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How can I create a SSH Script sensor that shows used disk space?

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I want to use a script sensor to monitor used disk space of a volume on a Linux or Unix system via Secure Shell. How can I achieve this? Is there a script for this?

diskspace linux prtg script sensor ssh unix used-space volume

Created on Feb 15, 2013 9:46:39 AM by  Gerald Schoch [Paessler Support]



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This article applies to PRTG Network Monitor 12 or later

Monitoring Used Disk Space of a Volume Under Linux/Unix

There is already an SSH sensor available which allows you to monitor the free disk space on Linux and Unix systems. However, if you’re interested in monitoring the space that is currently used by the system, you can write your own script to do so.

SSH Script Sensor

To monitor used disk space of a volume via SSH you can use PRTG’s SSH Script Sensor in combination with your own shell script. This sensor type connects to a Linux/Unix system and executes a script file located on the target system. The sensor can show a value returned by the script as well as a return message in plain text.

Creating the Script

The first thing to do is to create the script file. Open an editor and paste the following script:

#A shell script to show used disk space in percent

output=$(df -k /$1 | tail -1 | nawk '{print $5}' | sed 's/.$//')
print 0:$output:OK
  • df -k (abbreviation for disk free) prints the free disk space on the system based on 1024 bytes/block. On our system the output format for this command is:
[email protected]:~# df -k
Filesystem          1024-blocks   Used Free %Used Mounted on
rootfs                20642428  10983220   8610632  57% /
devtmpfs               1919012       328   1918684   1% /dev
tmpfs                  1925988       804   1925184   1% /dev/shm
/dev/sda6             20642428  10983220   8610632  57% /
/dev/sda7            150323452   5455520 143798884   4% /home

  • /$1 returns the first two lines of the disk free table
  • tail -1 cuts the first line, so now the script returns:
rootfs 20642428 10983220 8610632 57% /
  • nawk '(print $5)' returns the fifth column of this line: 57%
  • sed 's/.$' removes the percentage sign
  • So, result of the script for this disk free table is: 57
  • Note: Depending on your specific Unix system, you might have to adjust the script for the df-output appropriately in order to get the right lines, columns, and values.
  • print 0:$output:Scanning State OK is the return value in the correct format exitcode:value:message
  • exitcode will determine the sensor status (“0” will result in an “Up” status and will usually do well for this script); value will return the percentage of used disk space; message will appear as Last Message in the sensor’s overview tab.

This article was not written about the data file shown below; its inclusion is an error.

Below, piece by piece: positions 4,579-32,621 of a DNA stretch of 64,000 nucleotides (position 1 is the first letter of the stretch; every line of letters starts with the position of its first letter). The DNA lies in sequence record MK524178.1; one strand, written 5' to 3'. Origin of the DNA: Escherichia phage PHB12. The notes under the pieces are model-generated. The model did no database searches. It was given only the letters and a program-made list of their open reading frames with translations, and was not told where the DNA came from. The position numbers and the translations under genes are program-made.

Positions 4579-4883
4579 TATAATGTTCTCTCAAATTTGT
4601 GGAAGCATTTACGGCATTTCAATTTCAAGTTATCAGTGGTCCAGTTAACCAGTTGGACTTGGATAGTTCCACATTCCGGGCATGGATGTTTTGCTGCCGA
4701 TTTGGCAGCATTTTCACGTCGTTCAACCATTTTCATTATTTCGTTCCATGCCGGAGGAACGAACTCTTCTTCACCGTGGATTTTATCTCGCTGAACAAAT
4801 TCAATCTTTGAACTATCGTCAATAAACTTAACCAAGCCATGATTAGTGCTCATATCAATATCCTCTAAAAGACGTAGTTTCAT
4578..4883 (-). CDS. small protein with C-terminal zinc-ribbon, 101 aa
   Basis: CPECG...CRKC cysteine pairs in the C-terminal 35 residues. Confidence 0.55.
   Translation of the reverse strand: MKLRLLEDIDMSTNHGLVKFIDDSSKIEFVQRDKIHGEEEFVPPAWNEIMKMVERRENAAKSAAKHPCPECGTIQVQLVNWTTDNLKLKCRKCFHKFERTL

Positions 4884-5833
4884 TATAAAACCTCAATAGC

• In order for the sensor to show the expected values and sensor status, you must use the right format for the returned value.
  • Note: For details about the expected return format for SSH Script sensors, please see PRTG Manual: Custom Sensors.

After creating the script, set up PRTG in order to monitor used disk space.

Steps to Go

  1. Save the script file in the /var/prtg/scripts directory on the target Linux/Unix system.
  2. Please make sure the script file has executable rights.
  3. If not done yet: In the context menu of a group or probe, choose Add Device… to add a device to PRTG which represents your Linux/Unix device.
  4. Add the SSH Script Sensor to your device in PRTG, e.g., via Add Sensor… in the device’s context menu. Note: For this sensor type Credentials for Linux (SSH/WBEM) systems must be defined for the device you want to use the sensor on.
  5. Enter a meaningful name for the sensor, for example, Sensor SSH Script Used Disk.
  6. The Script list will show all available shell scripts on the target machine. Select the correct script from the list. If it does not appear in the list, please make sure the file is stored in the correct directory on the target machine.
  7. As Value Type choose Integer.
  8. Click on Continue.

The created script sensor will start to monitor used disk space on your Linux/Unix system immediately. It will show the used disk in percent.

See Also

Created on Feb 15, 2013 10:50:37 AM by  Gerald Schoch [Paessler Support]

Last change on Aug 14, 2018 8:12:11 AM by  Brandy Greger [Paessler Support]



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hi, nawk '(print $5)' returns the fifth column of this line: 57% is not correct, correct is awk '(print $5)'

Created on Aug 12, 2017 11:33:03 AM by  ahberyani (0)



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Hi ahberyani,

Thank you for your input. Feedback from devs was that this depends on the used Linux distribution:

  • nawk = newer awk, not available in all distribitions
  • gawk = GNU awk, needs to be installed separately eventually
  • awk = available in most distributions, sometimes also linked to nawk / gawk, depending on the used Linux "flavor"

Kind regards,

Erhard

Created on Aug 16, 2017 12:51:27 PM by  Erhard Mikulik [Paessler Support]



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Disclaimer: The information in the Paessler Knowledge Base comes without warranty of any kind. Use at your own risk. Before applying any instructions please exercise proper system administrator housekeeping. You must make sure that a proper backup of all your data is available.